Is Bernie Sanders Really Helping Hillary Clinton With the Millennial Vote?

For John DeButts, a 21-year-old senior at the University of New Hampshire, Bernie Sanders was a no-brainer. He was progressive. He was authentic. He was just what America needed in the White House.

But Sanders, the democratic-socialist senator from neighboring Vermont, didn’t end up winning the Democratic nomination for president this year. Hillary Clinton did. And when it comes to the former secretary of state, DeButts isn’t completely sold.

“There’s just something about her I don’t like,” he told NH Journal Wednesday. “She’s a typical career politician.”

This isn’t to say DeButts likes Republican nominee Donald Trump. The incendiary businessman repulses him. But Libertarian Gary Johnson may get this student’s vote.

“Better than those two,” DeButts said of Clinton and Trump.

This kind of thinking is a serious problem for the Democratic standard-bearer heading toward November. Polls show she’s not where she should be with Millennial voters, aged 18 to 35, and Sanders supporters are among of the biggest holdouts. The New York Times reports that “younger voters are shunning the two major political parties on a scale not seen since Ross Perot’s third-party bid for the presidency in 1992.”

On Wednesday, Clinton and Sanders descended on New Hampshire in the hopes of rectifying this situation, again swinging through the swing state where Sanders endorsed Clinton in July.

“It is imperative that we elect Hillary,” the senator told UNH, pitching the plan for debt-free college he negotiated with Clinton at the end of their primary.

For her part, Clinton said, “Bernie’s campaign energized so many young people. And there is no group of Americans who have more at stake than young Americans.”

Although Wednesday’s appearance was another show of unity, Sanders continued to acknowledge — even volunteer — that he maintains difference with Clinton.

In an interview with WMUR, Sanders said losing the nomination was difficult and Clinton has ground to make up with young voters.

“You don’t have to love the candidate,” he said in a telling moment. “What that candidate has got to do is deliver for the working class in this country. That’s what we need right now.”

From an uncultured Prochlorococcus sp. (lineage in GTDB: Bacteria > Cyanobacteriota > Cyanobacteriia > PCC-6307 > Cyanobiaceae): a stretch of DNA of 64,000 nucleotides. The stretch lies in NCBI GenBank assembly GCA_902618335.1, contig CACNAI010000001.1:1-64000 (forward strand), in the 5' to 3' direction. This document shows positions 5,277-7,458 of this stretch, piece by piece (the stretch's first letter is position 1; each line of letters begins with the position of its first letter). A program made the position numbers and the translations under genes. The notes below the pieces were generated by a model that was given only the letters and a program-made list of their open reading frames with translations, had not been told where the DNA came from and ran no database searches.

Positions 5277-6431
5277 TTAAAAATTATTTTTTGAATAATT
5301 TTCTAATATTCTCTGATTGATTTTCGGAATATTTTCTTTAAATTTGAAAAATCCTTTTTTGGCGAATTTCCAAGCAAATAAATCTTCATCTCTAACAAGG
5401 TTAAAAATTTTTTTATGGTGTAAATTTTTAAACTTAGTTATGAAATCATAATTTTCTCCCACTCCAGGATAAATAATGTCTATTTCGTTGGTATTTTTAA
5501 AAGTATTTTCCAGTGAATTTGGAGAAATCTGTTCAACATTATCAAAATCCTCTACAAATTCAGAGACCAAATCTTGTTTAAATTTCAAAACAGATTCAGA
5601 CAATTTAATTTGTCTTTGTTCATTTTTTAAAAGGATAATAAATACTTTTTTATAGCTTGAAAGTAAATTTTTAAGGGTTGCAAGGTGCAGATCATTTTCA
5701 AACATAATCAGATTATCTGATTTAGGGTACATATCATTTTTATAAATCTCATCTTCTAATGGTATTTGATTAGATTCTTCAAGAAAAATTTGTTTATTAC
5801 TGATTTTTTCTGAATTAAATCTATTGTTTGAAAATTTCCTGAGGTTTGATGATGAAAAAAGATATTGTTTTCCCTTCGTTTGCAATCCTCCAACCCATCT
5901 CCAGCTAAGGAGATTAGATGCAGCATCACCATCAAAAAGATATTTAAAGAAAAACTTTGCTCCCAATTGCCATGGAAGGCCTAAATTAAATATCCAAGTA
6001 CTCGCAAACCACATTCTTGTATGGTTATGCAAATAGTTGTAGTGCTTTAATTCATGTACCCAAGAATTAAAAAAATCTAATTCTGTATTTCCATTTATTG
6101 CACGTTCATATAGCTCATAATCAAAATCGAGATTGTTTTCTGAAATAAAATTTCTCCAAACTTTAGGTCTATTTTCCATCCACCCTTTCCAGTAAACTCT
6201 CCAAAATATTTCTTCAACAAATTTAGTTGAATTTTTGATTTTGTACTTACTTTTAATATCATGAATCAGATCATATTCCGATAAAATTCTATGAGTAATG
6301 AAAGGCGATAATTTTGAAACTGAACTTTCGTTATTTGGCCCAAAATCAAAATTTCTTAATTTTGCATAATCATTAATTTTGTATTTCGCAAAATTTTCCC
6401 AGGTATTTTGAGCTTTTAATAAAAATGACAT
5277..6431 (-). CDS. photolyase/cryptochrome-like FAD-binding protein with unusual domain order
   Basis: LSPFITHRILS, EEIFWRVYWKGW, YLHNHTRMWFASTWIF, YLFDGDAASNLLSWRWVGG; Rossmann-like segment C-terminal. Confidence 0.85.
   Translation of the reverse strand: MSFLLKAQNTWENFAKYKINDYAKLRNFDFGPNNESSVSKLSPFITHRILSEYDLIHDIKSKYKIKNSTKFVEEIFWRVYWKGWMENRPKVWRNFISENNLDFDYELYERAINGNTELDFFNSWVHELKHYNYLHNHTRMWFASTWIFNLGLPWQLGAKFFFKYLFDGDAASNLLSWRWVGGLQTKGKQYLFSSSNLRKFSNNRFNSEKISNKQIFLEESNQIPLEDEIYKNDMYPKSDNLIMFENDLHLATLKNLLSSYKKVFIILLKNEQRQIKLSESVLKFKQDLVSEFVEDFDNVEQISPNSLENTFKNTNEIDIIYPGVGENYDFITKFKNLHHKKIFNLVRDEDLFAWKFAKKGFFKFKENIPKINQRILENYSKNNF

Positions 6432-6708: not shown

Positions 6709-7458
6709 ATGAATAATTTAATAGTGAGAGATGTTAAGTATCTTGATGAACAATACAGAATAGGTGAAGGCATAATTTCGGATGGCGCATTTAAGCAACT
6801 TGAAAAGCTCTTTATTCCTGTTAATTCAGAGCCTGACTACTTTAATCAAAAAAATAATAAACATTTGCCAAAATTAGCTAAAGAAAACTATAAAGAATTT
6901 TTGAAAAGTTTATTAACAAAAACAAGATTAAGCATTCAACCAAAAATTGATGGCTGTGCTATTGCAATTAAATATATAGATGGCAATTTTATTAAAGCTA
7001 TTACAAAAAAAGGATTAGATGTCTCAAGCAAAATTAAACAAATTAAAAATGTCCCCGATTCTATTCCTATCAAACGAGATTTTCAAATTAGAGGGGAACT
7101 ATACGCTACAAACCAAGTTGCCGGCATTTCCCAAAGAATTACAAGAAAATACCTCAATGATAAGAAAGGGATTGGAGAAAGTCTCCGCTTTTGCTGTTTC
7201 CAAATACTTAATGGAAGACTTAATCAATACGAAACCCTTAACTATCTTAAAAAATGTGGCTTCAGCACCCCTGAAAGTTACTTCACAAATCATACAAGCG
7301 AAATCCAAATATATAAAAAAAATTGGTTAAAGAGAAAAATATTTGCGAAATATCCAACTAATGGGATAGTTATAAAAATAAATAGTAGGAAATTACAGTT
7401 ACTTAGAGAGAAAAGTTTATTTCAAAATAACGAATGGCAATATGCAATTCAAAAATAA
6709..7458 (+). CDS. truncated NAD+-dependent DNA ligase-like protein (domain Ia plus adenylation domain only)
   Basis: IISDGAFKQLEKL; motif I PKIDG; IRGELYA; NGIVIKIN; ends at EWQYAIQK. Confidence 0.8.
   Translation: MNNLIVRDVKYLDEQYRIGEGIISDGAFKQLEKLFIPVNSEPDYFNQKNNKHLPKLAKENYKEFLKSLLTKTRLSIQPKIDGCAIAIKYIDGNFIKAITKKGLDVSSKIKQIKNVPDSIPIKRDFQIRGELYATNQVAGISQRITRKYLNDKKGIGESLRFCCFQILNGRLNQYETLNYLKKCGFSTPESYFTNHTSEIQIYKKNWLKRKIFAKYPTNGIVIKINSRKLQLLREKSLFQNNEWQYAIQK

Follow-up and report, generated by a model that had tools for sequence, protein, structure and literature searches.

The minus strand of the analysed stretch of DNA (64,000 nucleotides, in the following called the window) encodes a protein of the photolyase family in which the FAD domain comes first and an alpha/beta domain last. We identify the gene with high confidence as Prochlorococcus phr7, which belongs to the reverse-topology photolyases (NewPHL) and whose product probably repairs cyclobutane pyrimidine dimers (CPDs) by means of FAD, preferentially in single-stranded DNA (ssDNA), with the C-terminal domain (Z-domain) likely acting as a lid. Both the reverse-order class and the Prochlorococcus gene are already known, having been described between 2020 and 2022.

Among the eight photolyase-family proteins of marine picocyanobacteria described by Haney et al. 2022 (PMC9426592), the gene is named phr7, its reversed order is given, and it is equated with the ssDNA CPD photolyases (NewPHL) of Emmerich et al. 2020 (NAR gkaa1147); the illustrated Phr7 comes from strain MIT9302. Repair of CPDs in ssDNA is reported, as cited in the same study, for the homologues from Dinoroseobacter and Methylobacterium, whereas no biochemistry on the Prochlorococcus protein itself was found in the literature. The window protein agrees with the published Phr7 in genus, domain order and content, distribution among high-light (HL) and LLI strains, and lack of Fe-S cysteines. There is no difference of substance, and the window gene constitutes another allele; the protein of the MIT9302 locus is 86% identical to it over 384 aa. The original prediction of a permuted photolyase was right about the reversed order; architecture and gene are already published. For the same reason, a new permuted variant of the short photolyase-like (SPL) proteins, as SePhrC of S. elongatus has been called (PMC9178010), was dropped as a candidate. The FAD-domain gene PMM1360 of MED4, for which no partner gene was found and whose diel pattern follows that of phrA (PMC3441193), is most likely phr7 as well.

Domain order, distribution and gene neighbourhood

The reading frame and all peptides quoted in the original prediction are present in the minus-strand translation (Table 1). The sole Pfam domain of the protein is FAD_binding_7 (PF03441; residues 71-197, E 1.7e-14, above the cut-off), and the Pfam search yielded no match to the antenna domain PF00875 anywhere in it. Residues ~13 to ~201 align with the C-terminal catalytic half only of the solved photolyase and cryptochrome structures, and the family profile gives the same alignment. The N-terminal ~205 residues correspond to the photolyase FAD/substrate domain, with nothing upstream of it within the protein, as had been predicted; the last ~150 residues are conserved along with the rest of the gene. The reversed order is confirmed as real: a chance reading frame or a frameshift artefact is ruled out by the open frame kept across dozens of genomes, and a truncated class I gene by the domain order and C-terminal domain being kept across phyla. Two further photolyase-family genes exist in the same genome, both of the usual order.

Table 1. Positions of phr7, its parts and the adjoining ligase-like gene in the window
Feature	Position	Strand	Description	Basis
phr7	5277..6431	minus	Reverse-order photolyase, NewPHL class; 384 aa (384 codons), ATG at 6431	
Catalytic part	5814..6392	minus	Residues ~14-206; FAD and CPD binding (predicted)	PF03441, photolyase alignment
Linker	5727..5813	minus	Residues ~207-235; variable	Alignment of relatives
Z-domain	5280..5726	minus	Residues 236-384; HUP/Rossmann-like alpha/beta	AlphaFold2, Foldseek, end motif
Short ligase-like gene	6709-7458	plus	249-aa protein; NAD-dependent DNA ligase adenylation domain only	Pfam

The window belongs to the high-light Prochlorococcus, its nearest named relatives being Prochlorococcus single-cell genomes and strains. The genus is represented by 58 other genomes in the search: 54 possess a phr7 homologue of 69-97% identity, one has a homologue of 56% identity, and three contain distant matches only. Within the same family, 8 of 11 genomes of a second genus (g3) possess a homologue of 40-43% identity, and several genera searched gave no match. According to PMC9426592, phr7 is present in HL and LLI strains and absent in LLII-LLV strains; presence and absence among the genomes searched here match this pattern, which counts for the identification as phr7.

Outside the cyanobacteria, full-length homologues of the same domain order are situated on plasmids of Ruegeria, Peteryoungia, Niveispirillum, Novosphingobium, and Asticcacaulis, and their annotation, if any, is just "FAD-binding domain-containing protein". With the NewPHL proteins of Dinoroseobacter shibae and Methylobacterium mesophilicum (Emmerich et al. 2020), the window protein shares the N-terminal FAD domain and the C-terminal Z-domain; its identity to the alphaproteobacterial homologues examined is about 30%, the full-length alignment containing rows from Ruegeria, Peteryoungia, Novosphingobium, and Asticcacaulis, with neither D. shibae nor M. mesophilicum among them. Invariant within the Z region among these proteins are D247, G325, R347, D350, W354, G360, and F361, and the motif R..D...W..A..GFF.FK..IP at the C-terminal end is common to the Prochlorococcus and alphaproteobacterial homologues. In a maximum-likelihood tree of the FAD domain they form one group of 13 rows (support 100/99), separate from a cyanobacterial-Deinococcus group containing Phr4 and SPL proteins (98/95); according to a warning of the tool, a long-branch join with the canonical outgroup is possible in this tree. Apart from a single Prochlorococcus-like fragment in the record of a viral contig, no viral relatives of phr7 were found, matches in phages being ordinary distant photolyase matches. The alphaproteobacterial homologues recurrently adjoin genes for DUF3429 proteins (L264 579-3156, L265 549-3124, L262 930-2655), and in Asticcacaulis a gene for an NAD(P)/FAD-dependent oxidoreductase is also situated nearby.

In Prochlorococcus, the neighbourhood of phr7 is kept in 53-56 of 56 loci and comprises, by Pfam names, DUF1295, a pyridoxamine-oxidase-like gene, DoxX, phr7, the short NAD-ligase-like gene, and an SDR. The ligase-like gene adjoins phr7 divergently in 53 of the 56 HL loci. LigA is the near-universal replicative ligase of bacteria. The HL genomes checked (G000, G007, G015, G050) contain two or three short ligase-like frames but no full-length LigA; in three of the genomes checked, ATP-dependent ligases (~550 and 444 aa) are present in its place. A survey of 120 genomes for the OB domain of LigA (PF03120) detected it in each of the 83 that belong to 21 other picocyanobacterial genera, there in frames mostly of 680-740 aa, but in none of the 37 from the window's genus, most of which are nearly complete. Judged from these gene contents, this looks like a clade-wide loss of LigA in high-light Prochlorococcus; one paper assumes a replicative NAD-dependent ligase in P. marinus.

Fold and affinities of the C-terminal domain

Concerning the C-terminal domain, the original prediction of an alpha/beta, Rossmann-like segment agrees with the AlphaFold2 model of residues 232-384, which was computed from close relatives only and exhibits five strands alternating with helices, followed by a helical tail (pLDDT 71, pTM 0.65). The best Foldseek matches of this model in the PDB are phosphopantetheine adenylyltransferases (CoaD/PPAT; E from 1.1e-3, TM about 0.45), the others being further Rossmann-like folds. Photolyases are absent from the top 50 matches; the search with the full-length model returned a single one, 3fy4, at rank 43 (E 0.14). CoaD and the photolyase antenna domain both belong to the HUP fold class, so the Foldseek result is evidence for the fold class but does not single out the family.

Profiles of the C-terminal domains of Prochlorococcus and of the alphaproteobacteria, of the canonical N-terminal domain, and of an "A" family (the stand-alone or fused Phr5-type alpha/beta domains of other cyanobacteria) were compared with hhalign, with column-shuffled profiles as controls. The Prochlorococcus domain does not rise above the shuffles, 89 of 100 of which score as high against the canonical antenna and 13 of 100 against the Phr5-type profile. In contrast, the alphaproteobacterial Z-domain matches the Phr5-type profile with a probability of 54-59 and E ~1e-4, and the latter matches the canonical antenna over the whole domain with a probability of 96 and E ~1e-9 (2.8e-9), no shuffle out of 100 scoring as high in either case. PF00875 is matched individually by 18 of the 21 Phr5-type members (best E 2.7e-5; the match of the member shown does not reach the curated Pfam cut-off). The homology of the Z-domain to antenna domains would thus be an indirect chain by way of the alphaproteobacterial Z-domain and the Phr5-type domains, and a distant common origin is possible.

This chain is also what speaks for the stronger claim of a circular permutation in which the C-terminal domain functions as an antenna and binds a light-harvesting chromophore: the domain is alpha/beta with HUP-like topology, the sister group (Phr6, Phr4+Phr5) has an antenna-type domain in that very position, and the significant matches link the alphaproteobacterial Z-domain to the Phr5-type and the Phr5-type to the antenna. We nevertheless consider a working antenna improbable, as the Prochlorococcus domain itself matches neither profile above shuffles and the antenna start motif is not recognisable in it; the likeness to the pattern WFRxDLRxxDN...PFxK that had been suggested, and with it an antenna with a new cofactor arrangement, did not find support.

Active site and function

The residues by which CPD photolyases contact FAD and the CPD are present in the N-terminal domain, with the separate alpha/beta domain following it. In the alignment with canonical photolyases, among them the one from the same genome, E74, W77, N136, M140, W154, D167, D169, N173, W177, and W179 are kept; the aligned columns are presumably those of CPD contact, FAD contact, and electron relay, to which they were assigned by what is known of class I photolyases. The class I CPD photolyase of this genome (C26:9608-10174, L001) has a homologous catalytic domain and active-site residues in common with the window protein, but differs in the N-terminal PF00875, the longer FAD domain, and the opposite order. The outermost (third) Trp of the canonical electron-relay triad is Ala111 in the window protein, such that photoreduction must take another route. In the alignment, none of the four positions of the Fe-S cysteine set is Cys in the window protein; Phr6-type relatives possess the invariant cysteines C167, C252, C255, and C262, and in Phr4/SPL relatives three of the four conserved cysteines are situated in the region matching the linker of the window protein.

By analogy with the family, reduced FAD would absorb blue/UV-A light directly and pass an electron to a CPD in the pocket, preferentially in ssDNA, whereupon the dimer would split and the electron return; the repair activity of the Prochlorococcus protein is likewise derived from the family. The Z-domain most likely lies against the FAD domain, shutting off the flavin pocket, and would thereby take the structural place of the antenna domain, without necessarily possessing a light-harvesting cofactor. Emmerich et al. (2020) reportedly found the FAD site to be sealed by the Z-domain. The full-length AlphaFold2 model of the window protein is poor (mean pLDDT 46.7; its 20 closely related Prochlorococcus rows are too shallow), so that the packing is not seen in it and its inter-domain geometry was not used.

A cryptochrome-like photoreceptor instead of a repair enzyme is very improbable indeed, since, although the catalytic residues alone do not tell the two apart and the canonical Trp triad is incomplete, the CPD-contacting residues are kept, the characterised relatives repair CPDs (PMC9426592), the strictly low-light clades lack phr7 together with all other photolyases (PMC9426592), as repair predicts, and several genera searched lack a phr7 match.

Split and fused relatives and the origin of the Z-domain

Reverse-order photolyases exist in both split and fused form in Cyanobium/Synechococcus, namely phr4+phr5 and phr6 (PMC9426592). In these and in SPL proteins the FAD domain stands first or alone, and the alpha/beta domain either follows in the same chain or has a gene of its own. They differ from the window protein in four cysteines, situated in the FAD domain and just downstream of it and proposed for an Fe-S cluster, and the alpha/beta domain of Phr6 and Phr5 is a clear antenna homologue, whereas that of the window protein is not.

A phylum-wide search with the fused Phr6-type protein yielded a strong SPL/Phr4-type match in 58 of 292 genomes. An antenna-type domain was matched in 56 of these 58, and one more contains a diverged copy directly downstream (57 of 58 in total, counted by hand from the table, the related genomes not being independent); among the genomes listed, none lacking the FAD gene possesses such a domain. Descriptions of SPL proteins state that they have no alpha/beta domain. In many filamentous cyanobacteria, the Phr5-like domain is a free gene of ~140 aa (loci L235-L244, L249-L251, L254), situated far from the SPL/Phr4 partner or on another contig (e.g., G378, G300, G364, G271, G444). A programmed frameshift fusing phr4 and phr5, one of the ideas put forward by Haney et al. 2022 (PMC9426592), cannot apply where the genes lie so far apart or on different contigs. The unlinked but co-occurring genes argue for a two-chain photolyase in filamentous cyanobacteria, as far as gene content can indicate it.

There are two ways to interpret this statement, Georgetown University communication professor Leticia Bode told NH Journal: either Sanders himself isn’t that that enthusiastic about Clinton or he’s admitting that his followers aren’t. Maybe it’s a bit of both.

“He’s telling millennials, and his supporters more broadly, what he thinks they need to hear,” Bode said, “that this is a two-party system and you’ll get more done for the working class and the issues you care about if you elect one of those two parties, even if you like a third party more.”

“The question remains as to how his supporters are interpreting those statements,” she added. “In general I’ve been surprised at how die-hard some of his supporters are, though I think they are a vocal minority and most of his supporters are now supporting Clinton.”

Indeed, the vast majority of Sanders supporters have made the switch, but Clinton is worried enough to be launching a whole new millennial courtship.

She’s taking several different approaches, like poking fun at herself with Zach Galifianakis on his talk show “Between Two Ferns,” writing a Mic op-ed on what millennials have taught her and appearing on Mary J. Blige’s new Apple Music show to be serenaded with a song about police brutality. Whether or not those tactics are working, resulting in more young people seeing her as a genuine person, remains to be seen.